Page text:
Have been baking some teddy bear cakes for family - but am starting to learn about cake pricing and I see that many of you price cakes by the serving. I can understand that for uniform shapes like rounds, squares, etc, but how do you determine number of servings for a stand up cake? Or do you just not bother, price it as a full cake only, and tell customers what your estimate is (knowing that it is not likely these kinds of cakes would be ordered for big gatherings).
I have a Nordic Ware bear pan - takes 12-14 cups of batter, and about 4 hours to assemble and decorate with fondant and demarara sugar fur. When I made it for a luncheon at Christmas, I easily fed 15-17 staff people on just one half after lunch - but we just hacked at it. Not sure what I would advise someone actually buying it. Any advice??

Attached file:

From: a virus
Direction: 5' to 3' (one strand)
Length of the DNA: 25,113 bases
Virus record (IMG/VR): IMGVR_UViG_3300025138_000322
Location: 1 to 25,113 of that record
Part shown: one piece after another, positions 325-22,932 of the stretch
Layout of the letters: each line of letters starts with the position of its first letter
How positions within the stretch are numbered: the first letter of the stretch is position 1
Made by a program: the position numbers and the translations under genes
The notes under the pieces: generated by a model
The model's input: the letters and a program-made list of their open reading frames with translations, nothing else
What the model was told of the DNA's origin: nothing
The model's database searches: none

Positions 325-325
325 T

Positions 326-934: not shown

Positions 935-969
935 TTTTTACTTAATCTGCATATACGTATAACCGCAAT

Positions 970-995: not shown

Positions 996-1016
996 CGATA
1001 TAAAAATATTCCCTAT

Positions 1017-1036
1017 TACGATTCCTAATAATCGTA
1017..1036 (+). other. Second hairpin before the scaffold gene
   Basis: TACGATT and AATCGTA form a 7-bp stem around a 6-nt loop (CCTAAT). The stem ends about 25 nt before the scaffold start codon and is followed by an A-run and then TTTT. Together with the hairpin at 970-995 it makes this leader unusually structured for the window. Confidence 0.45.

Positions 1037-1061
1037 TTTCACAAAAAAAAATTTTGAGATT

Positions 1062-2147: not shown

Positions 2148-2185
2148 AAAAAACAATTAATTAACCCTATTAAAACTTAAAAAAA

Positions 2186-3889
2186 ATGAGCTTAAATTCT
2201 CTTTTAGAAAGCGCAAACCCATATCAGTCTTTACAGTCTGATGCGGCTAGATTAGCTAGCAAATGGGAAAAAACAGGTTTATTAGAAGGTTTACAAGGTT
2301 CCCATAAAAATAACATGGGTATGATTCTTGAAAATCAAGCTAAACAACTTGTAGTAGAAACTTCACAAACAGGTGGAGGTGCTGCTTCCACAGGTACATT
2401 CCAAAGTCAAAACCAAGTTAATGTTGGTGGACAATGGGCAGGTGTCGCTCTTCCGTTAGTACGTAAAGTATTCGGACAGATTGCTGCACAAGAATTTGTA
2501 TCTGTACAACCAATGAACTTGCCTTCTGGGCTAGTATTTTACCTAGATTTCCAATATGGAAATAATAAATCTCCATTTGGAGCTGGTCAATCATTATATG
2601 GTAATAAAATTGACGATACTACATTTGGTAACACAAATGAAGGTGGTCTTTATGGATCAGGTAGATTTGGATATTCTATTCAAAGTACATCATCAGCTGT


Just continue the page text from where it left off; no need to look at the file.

Well, if you are using a pan for the cake (as opposed to free form carving) you can fill it all the way up with water to get the volume of the final cake then divide by your standard serving size. Party cake servings are generally 12 cubic inches.
I go by 1/4c batter for a wedding serving, and 1/3 cup batter for party servings to get a rough guide. So your pan will serve approx 36-48 going by 12 cups of batter.
Thanks for the suggestions - appreciate both ideas.
Mike, your estimate matches pretty well with my experience in serving this cake @ home. Since I got 15-17 pieces out of half, then the whole would be 30-34 and cutting a little more precisely certainly would get 36-40.